I admit it. International medicine and I don’t dance.
Whereas a lot of my former classmates and current colleagues have gone to Brazil, Ghana, Haiti, Israel, Thailand, and Papua New Guinea for medical missions, I typically travel only as far away as high school football buses can go on a tank of gas. I prefer the comfort of stadium lights and training rooms to that of lean-tos and thatch huts. And I much prefer the smell of fresh cut grass on a Friday night to the odor that still lingers in the streets of Port-au-Prince or the smell of disease in Ghana.
I don’t think this means I am less of a doctor or less of a person; it is just that my passion resides elsewhere. I have great admiration for my colleagues who have braved harsh living conditions and social turmoil to provide care to the indigent of other countries. I learn from their stories of treatment under duress, operating with limited supplies and unsanitary conditions. I embrace their creativity, spontaneity, and resourcefulness. But most of all, I respect their unwavering dedication to serving others.
Ironically for me, international health is a huge player in our residency here in Fort Worth. Not only do we have a rather large contingent of Family Medicine residents who participate in mission trips, we have our own International Health Clinic that provides care to refugees living in Tarrant County. On any given day, we might treat patients from Somalia, Burma, India, or any other remote area of the world. In addition, we have several faculty members who have made international medicine a huge part of their career.
Dr. John Gibson and Dr. David McRay, both graduates of our program, have each spent a significant amount of time in foreign lands. Dr. Gibson lived in and practiced medicine in Thailand for 20+ years, doing everything from primary care to surgery. Dr. McRay, meanwhile, leads multiple medical missions every year, most recently to Haiti and Israel.
But probably one of the most impressive men associated with our program and involved in international medicine never actually was a part of our program. To be honest, I never even met him. Although in reading about him, I wish I would have had the opportunity. Luckily, though, I have the privilege to train alongside his daughter, Kate, who is a third-year resident with me here at JPS.
Dr. Thomas Little, an optometrist from upstate New York, was 1 of 10 medical missionaries murdered while returning home after a humanitarian mission in northern Afghanistan in early August 2010. In the late 1970s, Dr. Little and his wife, Libby, went to Afghanistan as relief workers and ended up raising their three daughters in the war-torn nation while treating thousands of needy patients each year. Their mission: offering vision care and surgical services to those in regions where medical assistance of any type was virtually absent.
Unlike my passion, Dr. Little’s passion was always teeming with risk. But Little was reportedly a natural for the job. He spoke the language, knew the local customs, and had the patience and diplomatic skills to handle sticky situations. In fact, in an interview he gave before he died, he recounted times when family picnics ended after attempted Taliban kidnappings. Yet, he and his family stayed “out of a love for the people and a passion for providing eye care for the needy.”
“We raised our three daughters through what was, at times, just hell,” Libby Little said. “A hundred rockets a day was a good day.” She went on to say that warfare in Afghanistan didn’t deter her or her husband. “If you’re in medicine, I think you feel you can’t leave. If you’re propping up a hospital that’s the only hospital, then you can’t leave when it gets bad.”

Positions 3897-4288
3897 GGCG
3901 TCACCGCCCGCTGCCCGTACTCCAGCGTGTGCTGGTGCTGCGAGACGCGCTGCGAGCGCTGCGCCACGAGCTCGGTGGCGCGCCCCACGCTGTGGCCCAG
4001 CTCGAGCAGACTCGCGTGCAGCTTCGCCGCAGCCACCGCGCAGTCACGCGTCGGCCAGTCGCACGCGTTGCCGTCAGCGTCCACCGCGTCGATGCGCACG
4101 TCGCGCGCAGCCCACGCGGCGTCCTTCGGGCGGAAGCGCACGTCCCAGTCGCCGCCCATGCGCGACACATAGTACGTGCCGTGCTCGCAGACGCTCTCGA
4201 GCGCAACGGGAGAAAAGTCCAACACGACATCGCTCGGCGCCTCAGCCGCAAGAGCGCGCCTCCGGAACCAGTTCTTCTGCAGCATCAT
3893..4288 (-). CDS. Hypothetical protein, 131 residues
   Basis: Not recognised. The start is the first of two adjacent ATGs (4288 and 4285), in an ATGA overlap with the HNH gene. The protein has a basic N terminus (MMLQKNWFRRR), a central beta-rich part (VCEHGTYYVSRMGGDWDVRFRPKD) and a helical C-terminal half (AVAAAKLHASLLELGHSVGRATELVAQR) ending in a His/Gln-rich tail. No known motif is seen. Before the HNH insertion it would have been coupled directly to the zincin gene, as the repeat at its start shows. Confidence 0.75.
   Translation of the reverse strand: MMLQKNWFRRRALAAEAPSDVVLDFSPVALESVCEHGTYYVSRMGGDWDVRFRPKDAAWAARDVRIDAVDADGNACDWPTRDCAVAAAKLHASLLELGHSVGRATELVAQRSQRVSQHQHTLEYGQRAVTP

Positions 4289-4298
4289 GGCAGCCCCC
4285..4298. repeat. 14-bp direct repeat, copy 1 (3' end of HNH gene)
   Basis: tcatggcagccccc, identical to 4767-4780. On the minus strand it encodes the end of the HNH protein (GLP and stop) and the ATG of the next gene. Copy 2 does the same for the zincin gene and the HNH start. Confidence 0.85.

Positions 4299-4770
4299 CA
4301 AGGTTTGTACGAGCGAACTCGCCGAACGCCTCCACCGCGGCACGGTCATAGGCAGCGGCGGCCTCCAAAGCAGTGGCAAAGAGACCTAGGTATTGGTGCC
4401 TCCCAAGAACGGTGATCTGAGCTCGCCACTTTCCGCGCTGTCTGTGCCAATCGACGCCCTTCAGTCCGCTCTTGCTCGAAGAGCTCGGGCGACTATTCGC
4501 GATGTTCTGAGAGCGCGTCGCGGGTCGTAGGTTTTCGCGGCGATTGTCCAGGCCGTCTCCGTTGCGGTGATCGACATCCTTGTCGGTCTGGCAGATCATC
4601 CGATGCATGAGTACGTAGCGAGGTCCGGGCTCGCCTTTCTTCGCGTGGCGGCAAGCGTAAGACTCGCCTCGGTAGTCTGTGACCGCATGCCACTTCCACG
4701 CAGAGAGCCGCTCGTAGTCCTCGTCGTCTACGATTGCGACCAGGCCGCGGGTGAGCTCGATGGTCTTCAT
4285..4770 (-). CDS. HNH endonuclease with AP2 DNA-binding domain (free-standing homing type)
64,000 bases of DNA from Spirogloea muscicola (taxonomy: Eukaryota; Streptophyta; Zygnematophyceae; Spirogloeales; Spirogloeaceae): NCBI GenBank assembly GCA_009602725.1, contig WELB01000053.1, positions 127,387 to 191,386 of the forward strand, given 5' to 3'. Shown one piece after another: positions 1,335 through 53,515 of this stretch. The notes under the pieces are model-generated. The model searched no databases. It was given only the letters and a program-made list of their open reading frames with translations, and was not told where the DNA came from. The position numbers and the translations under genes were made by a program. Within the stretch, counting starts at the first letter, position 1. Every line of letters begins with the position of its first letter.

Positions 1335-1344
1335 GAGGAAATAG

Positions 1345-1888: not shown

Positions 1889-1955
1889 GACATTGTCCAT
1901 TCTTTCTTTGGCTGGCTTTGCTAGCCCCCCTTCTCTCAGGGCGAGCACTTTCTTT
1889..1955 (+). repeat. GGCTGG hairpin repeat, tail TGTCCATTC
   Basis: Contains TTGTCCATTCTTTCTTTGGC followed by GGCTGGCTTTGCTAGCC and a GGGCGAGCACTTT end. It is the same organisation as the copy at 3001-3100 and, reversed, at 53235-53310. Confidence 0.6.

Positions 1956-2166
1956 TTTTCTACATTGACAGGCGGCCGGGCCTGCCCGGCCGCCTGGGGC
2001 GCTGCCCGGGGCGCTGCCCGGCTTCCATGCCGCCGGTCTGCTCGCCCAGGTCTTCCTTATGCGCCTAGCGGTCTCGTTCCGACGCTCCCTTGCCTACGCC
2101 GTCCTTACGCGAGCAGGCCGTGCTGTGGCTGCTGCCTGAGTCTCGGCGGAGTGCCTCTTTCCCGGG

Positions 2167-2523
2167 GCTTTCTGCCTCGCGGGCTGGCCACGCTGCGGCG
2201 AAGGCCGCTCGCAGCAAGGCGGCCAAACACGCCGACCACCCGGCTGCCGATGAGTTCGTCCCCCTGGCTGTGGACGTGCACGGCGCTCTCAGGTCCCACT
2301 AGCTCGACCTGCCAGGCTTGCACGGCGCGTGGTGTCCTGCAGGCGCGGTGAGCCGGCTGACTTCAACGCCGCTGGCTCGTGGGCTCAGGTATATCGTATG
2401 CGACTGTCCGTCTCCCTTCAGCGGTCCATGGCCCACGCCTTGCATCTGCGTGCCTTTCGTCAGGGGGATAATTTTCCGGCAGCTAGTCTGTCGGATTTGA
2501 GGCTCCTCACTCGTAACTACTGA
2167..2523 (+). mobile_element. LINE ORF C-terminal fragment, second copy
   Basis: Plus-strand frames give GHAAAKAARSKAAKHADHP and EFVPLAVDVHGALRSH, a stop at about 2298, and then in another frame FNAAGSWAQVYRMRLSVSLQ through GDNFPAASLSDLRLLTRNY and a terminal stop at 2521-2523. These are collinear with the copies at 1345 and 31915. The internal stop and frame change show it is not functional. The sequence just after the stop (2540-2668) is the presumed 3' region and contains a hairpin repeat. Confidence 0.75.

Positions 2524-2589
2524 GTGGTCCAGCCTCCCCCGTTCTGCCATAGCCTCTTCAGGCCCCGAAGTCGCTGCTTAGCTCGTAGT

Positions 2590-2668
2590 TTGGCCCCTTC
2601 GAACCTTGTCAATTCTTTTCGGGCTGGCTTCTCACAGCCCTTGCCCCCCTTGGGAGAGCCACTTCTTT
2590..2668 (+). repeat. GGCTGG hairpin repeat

Before paying the ultimate price, Dr. Little helped to coordinate the National Organization of Ophthalmic Rehabilitation Eye Care Program in Afghanistan, which is charged with overseeing hospitals and clinics, teaching optometry and administering care in the most rural of areas. Through their work, NOOR is able to bring eye care to millions of Afghans. “He died right where he loved to be — and that was doing eye care in remote areas,” Mrs. Little said from her home in New York. “Our daughters are missing him terribly. But I think their feeling is, too, that this is a real passion that he had.”
Recently, as an “example of generosity and goodwill,” Dr. Little was posthumously awarded the Presidential Medal of Freedom as a way to better know the meaning of sacrifice and the necessity of peace. Along with Dr. Little, other recipients included George H.W. Bush, Dr. Maya Angelou, Warren Buffett, Stan Musial, and Yo-Yo Ma.
“The Medal of Freedom is the Nation’s highest civilian honor, presented to individuals who have made especially meritorious contributions to the security or national interests of the United States, to world peace, or to cultural or other significant public or private endeavors.”
And although he is in great company with those who have also received the award, I believe he was in great company before his death. Dr. Little was in the company of thousands of selfless individuals who also stare death in the face on a daily basis just to bring health and peace and resolution to troubled lands all across the world. In my mind, when his wife received this award from President Obama in honor of her husband, she was receiving the award for all the Dr. Gibsons and Dr. McRays out there who sacrifice their time and money, as well as risk their lives, to fulfill their passion.
So I want to take this opportunity and say thank you to all those who fall into this category. Through your efforts, our world has a better chance of healing its wounds.
I might not be able to dance to your music, but I do love listening to it.